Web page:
Anonymous Mom is a column of motherhood confessions, indiscretions, and parental shortcomings selected by Mommyish editors. Under this unanimous byline, readers can share their own stories, secrets, and moments of weakness with complete anonymity. The following is a follow up to an Anonymous Mom column we published last December.
I’d like to share the story of the birth of my second child, a baby girl named Eve. Six months ago I welcomed her into a tub set up in my bedroom after just three hours of labor. The experience was almost”” but not quite””perfect. It was so different in every way from the traumatic home birth of my son nearly two years before.
During my pregnancy I wrote an article about my emotional decision to attempt another homebirth. That story was incredibly cathartic for me to write and share and it proved to be a catalyst for my changing perspective. Somehow, putting my messy truth out there helped me bring back into focus what was really important. I took to heart many of the reader’s comments and sought help from a variety of sources. Simply put, I was rattled and had lost my confidence; I had to work to get it back and to change my inner dialogue. The physical difficulty of my pregnancy only exacerbated my psychological roller coaster. But as my due date approached, I was so at peace with my decision that it was hard to believe I’d felt so conflicted and scared just a few months prior.
I had to wait until 41.5 weeks for labor to start, but once it did, we were off and running. My midwife, well aware of my precipitous first labor, arrived an hour after contractions began. I was walking down the street stopping at every mailbox for a contraction when she pulled up and ordered me back inside. I was three centimeters. Then my water broke, she administered IV penicillin since I was GBS positive, and my contractions seemed to be progressing rapidly. I asked her to check me again before I got into the birth tub and I was six centimeters dilated.
Oh, that birth tub! Easily the best 60 dollars I have ever spent. Just as the contractions were getting difficult I got into that tub and the warm water took everything down a notch. I found comfort there and was able to relax for a few minutes before there was more work to be done. I had my Hypnobirthing CDs on — and while I don’t believe I was ever hypnotized — they were key to me mindfully relaxing and fixating on a positive mantra. The contractions became very intense as I relied on my doula to distract me with different tricks for coping with the pain. I turned to her every time I thought I was going to blow a gasket and she coached me through it all.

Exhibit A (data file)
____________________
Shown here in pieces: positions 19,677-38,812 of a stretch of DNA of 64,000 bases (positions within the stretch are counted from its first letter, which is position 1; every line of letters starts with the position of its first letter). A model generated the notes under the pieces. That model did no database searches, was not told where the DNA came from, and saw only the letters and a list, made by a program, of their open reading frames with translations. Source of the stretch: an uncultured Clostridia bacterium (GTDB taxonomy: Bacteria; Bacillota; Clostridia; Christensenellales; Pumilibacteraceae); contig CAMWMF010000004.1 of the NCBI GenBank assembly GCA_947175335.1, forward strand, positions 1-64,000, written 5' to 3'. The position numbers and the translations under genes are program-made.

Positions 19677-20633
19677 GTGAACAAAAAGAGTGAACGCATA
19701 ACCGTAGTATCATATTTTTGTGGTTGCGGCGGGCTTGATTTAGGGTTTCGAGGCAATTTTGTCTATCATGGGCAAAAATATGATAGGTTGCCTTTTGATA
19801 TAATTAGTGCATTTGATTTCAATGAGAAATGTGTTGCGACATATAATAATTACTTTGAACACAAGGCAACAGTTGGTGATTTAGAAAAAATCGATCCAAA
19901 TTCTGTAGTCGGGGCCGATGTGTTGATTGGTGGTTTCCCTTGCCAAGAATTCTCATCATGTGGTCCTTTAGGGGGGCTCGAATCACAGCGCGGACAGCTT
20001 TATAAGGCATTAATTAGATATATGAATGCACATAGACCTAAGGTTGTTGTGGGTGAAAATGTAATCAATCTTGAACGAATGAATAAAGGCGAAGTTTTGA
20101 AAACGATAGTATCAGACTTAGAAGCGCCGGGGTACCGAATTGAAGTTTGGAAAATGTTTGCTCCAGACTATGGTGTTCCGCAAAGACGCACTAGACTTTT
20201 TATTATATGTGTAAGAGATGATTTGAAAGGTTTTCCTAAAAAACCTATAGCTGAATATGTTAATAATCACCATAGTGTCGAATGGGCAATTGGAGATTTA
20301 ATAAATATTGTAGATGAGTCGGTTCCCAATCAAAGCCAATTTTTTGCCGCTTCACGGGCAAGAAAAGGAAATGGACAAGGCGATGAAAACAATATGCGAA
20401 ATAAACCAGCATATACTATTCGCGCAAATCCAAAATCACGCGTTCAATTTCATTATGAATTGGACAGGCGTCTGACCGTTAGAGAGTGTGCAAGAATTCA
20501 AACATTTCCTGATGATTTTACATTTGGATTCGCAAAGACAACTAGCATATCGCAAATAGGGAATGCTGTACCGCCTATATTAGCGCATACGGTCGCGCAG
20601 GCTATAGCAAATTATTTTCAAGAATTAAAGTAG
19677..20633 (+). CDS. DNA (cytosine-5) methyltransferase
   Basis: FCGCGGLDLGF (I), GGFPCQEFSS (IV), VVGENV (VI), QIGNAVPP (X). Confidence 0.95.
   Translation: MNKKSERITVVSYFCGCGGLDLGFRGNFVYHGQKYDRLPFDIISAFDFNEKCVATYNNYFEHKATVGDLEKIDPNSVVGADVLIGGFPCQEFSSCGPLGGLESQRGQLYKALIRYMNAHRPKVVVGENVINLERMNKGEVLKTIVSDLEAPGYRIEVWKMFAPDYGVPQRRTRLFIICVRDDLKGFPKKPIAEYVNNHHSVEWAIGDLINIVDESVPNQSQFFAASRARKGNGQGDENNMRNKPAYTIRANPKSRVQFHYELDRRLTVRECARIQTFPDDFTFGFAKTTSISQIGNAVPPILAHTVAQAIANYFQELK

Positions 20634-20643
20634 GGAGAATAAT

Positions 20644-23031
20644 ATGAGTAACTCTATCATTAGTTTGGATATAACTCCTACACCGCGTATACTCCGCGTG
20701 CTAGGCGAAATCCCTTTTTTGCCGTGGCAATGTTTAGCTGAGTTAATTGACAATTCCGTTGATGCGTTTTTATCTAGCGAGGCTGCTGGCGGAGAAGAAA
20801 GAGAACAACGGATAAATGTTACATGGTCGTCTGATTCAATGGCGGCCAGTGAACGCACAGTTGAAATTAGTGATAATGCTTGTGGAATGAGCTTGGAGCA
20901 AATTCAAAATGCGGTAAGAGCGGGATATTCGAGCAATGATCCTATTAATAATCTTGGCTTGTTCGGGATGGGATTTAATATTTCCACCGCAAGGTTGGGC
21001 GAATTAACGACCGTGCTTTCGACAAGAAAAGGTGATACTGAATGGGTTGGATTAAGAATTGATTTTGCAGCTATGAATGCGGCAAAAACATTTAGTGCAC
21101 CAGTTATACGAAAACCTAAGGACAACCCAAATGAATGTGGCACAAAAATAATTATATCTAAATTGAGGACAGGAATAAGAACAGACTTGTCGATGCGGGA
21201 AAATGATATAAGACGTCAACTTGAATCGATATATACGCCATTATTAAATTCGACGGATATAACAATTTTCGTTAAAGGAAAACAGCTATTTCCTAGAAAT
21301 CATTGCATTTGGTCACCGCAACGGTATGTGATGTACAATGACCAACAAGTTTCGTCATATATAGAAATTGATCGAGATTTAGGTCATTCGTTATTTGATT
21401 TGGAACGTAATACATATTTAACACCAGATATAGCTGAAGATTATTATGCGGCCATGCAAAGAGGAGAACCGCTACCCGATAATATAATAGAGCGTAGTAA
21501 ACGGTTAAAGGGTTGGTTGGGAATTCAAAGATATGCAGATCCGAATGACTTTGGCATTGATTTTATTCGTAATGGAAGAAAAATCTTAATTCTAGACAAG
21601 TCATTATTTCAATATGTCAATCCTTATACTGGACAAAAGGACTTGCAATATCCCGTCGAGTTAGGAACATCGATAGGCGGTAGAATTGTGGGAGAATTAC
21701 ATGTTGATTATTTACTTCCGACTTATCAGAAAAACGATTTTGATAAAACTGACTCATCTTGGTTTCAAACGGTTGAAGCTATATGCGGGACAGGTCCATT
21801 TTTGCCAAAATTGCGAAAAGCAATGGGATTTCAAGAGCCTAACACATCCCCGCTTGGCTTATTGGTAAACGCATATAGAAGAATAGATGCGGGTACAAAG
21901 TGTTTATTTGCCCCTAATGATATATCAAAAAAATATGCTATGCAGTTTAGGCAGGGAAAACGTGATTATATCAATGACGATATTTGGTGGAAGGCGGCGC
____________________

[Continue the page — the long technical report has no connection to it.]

While I’d hesitate to call any labor ”easy,” this one was relatively so. It was decidedly not horrible and generally manageable. There was only one moment when my mind went to a negative place. Simultaneously, I thought- Oh, no! Square peg, round hole ”¦there is no way, absolutely NO WAY this is going to work. I can’t do this! Those thoughts were followed by yelling every swear word I knew and a few I made up and that was all followed by holding my baby in my arms. I can’t describe to you those next minutes other than to say that I felt complete, sheer, utter, sweet, sweet relief and a sudden, overwhelming swell of pure love. Our beautiful, healthy baby girl was with us at last.
It wasn’t all easy; I had a retained placenta and a manual extraction, which was every bit as unpleasant as it sounds. Seriously, what are the odds that I’d have such similar, but totally unrelated, rare complications after both of my babies’ births? It was different this time though. While I’m grateful the midwives at both of my births were skilled in handling the problems that arose, during my second birth I felt cared for and safe instead of panic stricken and out of control. The gruesome minutes were just that; there was no prolonged suffering or lengthy recovery. In the end, one thing had gone wrong, not ten.
I am so proud of myself for choosing a second homebirth. Sure, I’m proud I did it the first time, but that was an easy decision for me. Going for it the second time involved soul searching, but I followed my gut and did what I believed was right. My backup OB, Certified Nurse Midwives, therapist (thanks to everyone who suggested I see one), doula, and family unanimously supported a second homebirth and its medical soundness. The only thing standing in my way was my fear. I wouldn’t let fear dictate my decision. That was not who I was. That was not who I wanted to be.
I don’t have any stake in arguing about homebirth versus hospital birth or over the finer points of the matter. That’s been rehashed on the internet ad nauseam. This is about my journey. You do what is best for you and your family. The fact that I even considered another home birth after my first experience is a testament to how much I value it.
As I march forward into this dangerous jungle of mothering I do so with a bit of awe. When I started writing ten months ago I didn’t know how this story would end but I found the answers and the strength that I was seeking within myself. Now I’ve watched as my body has grown, delivered, and nursed two babies. I’ve watched as it’s gained and lost 100 pounds in the process. I’ve learned to have a little more respect for that body and its incredible power.
The day your child is born is one of the most profound and transformative of your life and the implications are far reaching; how you feel about it matters. Whether in large part or subtly, somehow it shapes you. If you had a rough time on the first go around, let me be the first to tell you — it can be different the second time.